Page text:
Bolt’s heartland of Sherwood Content erupts in celebration
'A yah so nice!'
SHERWOOD CONTENT, Trelawny — Wild celebrations broke out across this small community after their most celebrated native, Usain Bolt finished ahead of a strong field in the 100 metres final at the London Olympics yesterday.
"To the world! I am on top of the world. I am floating," Bolt's aunt Lilian Bolt exclaimed in jubilation shortly after the race.
"From I see him move out in the heats I say yes, he is ready. And the semi-finals... gosh man he was there. He delivered," she said.
When her flesh and blood blew away the field in a quick 9.63 seconds for an Olympic record, Lilian broke out into wild celebration, dancing to the beat of Mackie Conscious' song entitled Bolt, which was recorded after the phenomenon sprinter's victory at the Olympics in Beijing, China, four years ago.
Meanwhile, Bolt's uncle Andrew Davis said he was confident that his nephew would better the field, especially following his effortless performance in the two qualifying races leading up to the final.
"I was not thinking he would have lowered his world record, but with the ease and comfort with which he did the heats and semis, I knew he would win convincingly," an elated Davis said.
Meanwhile, Lillian who watched the race from her house, was joined shortly after by cheering members of the community, mostly decked out in the black, green and gold national colours, some beating pot covers, singing and dancing.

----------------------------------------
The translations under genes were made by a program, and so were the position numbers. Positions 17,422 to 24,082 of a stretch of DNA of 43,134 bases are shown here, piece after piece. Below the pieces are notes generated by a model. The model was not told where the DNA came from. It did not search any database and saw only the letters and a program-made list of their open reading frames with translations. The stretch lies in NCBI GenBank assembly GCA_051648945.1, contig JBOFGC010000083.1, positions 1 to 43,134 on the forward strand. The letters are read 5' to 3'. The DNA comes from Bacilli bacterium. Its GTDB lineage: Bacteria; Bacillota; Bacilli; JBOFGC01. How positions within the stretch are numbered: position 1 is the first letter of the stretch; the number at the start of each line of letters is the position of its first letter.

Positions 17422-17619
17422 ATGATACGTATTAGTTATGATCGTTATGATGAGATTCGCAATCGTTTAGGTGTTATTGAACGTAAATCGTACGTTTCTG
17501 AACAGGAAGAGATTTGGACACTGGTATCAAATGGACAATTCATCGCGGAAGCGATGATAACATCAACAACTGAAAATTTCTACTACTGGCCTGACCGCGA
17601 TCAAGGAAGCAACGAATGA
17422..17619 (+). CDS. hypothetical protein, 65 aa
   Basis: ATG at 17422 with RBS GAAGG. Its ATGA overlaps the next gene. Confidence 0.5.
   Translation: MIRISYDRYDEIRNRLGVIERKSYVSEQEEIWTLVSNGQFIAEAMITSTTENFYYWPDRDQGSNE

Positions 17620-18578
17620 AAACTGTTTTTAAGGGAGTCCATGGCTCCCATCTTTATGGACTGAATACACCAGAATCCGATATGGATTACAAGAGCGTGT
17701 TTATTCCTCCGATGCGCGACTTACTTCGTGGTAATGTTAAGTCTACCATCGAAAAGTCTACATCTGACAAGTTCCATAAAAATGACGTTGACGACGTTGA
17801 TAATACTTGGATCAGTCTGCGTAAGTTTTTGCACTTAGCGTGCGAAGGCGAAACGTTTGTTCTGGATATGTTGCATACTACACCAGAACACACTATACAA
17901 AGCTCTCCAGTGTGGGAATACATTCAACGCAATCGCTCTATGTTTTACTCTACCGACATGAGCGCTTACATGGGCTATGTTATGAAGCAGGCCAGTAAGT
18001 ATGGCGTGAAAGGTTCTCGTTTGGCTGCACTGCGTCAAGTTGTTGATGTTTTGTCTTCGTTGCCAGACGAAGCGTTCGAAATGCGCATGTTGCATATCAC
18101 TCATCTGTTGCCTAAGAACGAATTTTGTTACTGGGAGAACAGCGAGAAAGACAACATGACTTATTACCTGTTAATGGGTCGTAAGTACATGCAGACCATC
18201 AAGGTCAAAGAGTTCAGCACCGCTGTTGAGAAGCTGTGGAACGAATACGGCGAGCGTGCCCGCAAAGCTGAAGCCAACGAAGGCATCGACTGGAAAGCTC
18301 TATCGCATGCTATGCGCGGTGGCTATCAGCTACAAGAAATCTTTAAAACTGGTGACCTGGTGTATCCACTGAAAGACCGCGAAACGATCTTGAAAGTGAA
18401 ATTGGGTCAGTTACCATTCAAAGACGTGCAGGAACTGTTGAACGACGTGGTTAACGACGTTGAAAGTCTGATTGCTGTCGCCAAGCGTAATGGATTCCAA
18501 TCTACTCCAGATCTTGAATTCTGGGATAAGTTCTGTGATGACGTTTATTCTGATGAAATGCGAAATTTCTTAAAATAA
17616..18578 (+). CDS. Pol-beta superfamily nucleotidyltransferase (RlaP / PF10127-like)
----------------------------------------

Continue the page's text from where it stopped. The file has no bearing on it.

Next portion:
However, the celebration was not confined to Sherwood Content as a spontaneous motorcade wormed from the community into Falmouth, the parish capital, nine miles away.
"A so the ting go, a yah so nice," one cheerful supporter was heard shouting in the historic Water Square in Falmouth.
"Lightning strike twice," another jubilant supporter shouted as he mimicked Bolt's famous To The World pose.
In the meantime, Lilian, Bolt's aunt, says her nephew is without a doubt a track and field legend now.
She also argued that Bolt's first-place finish and Yohan's Blake's runner-up performance in the race, which followed Shelly-Ann Fraser-Pryce's gold, and Veronica Campbell Brown's bronze over a similar distance in the women's 100 metres on Saturday, set the tone for the nation's 50th year of Independence.
Lillian was, however, critical of the athlete's detractors who accused him of partying too much.
"I believe he has a life to live. I mean money is not all you know. You have to enjoy it. I don't say he must overdo it, but do what he has to do," she argued.
"If he was someone who was weak in faith he would give up. Sometimes when me hear the comments, they grieve me but God a God," she said.
Lilian called upon the government to consider Bolt as a national treasure.